Do bumps on head mean cancer metastasis?

December 14, 2011

No. Or at least, not always. Two Sundays ago, I googled that question, in endless combinations, and found no answer. I was alone, the others having gone to church, and I needed to know — were the squishy red bumps on my head a sign of brain mets, as my Grandmother’s had been so many years ago? Or were they irritation from bone mets spreading to my skull? What were these strange bumps, and how could I find an answer on a Sunday afternoon?

I ran my hands through my short hair, exasperated at the lack of information on the net and wracking my brain to recall other forums and bulletin boards. As I rested my hands on the desk, I turned them over, questioningly – and found the palms crossed with clumps of hair. I laughed, I cried, and my mother came in to comfort me. I told her what had happened – I was losing my hair! – and she put her arms around me in reassurance.

No, no, you misunderstand, Mom! I wasn’t crying for the loss of my hair. I was crying in relief – my fears had not come true – and I was not one step closer to the end. I was just losing my hair, a sign that the chemo was working, attacking the fastest-dividing cells, as it was supposed to do.

As I explained to my sons that night, this kind of chemo attacks the cells just as each divides into two new cells. The fastest dividing cells in a person’s body are cancer cells. The second fastest are the ones that make your hair grow. So when we see Mommy’s hair falling out, we know (hope) that the medicine is killing both the cancer and the hair cells as they divide!

The kids accepted this, and asked me what cells are next – stomach, I explained, which means my stomach may hurt over the next few weeks as well. We ended with great big hugs, and my 7 year old surreptitiously tugging on my hair in the back, just to check.

In fact, the next night, just before bed, he met me at the top of the stairs and yanked on it! I yelped, not remembering the previous day’s conversation, but just as quickly I remembered, lifted him up in a giant hug, and laughed and laughed with my smart boy, checking for himself that the chemo was working – reassuring himself, and me, that we would be okay.

It’s been a couple weeks now, and my hair has significantly thinned on top, but I still have hair around the edges and faith that the chemo will work. Today I’m back at chemo, scared to take it on top of pneumonia, but scared even more to skip another week. A silly fear? perhaps, but when my day comes I know that I will have done everything I can to fight this thing and win one more day over cancer.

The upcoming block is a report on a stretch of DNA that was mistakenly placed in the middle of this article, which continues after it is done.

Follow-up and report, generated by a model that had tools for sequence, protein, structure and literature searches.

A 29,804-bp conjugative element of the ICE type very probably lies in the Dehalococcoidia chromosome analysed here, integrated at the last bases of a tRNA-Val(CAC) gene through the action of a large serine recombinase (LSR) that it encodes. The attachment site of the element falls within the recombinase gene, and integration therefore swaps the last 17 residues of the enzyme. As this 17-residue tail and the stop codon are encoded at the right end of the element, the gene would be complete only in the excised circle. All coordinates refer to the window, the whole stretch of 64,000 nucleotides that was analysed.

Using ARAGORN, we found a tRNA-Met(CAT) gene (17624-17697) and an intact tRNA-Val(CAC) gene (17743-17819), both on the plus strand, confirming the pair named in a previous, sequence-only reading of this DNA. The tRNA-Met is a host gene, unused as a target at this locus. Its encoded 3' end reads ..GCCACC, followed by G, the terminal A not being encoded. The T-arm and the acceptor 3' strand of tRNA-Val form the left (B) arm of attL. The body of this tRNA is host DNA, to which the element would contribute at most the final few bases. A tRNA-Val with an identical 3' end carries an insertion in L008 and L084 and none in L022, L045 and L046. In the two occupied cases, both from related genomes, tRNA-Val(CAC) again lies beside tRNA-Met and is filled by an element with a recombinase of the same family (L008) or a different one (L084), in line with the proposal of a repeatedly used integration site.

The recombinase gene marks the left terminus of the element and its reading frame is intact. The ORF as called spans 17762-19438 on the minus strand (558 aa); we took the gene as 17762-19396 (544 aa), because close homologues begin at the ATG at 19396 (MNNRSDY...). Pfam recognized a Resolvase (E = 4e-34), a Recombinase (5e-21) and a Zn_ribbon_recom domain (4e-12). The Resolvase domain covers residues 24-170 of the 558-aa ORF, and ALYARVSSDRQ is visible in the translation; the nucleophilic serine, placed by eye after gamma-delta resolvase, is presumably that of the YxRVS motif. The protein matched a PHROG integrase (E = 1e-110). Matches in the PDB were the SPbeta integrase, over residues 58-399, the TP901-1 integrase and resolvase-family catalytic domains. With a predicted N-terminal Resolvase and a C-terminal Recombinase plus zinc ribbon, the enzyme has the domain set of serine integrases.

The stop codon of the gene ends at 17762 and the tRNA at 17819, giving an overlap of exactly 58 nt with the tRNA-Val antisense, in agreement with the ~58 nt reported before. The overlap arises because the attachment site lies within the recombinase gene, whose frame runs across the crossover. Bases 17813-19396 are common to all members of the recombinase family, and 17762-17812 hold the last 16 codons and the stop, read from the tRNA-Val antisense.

The Path Report

April 14, 2010

When you have surgery to remove a cancerous mass, or several, afterwards you don’t really know much until about a week later, when the path report comes back.  It’s weird and strange and confusing, because the surgeon was just mucking around IN your body and all, but in fact it’s true.

After the surgery, the surgeon comes out to the waiting room and tells your family how the surgery went.  She tells them why it took longer than expected (in my case, she was stitching up the blood vessels and lymph vessels carefully, so carefully, to help avoid lymphedema, and the resident, who is in plastics, was tidying up, helping to avoid the dreaded “dog ear” left behind by mastectomies without reconstruction), what they saw or felt (in my case, lymph node after lymph node that was lumpy, bumpy, or otherwise suspicious for cancer, and which they pulled as if they were swollen grapes), and what tissue was taken (the whole pad of lymph nodes, and more nodes besides).  And then you wait.

First the family waits for the patient to wake up, and then the patient waits for the world to return to normal (oh! anesthesia!) and then they all go home and wait for the results.

Which brings us to today.  We headed to the cancer center yesterday morning to have the softball-sized lump of fluid dispersed.  Now, I realize this is way too much TMI for the bloggy world, but I swore I’d be honest and help lift the veil around cancer treatment, so get this — to drain the fluid, the surgeon sticks a GIANT NEEDLE directly into the still-healing scar and just pulls the fluid out.  No anesthesia, no numbing, no freakin’ ice involved — just a pump, essentially, because, in her words “this won’t hurt; it’s all numb in that area.”  Um, NO.  But it wasn’t painful, just a little stinging where it pulled on my stitch.  It was weird as anything, but OH, do I feel better!  (As per usual, I’m on the ugly side of the side effects, and I’ll have to go back for this at least once and maybe twice again this week.  Annoying, but really just from a schedule perspective.  I’m trying to work during preschool, not fill the time with hospital visits!)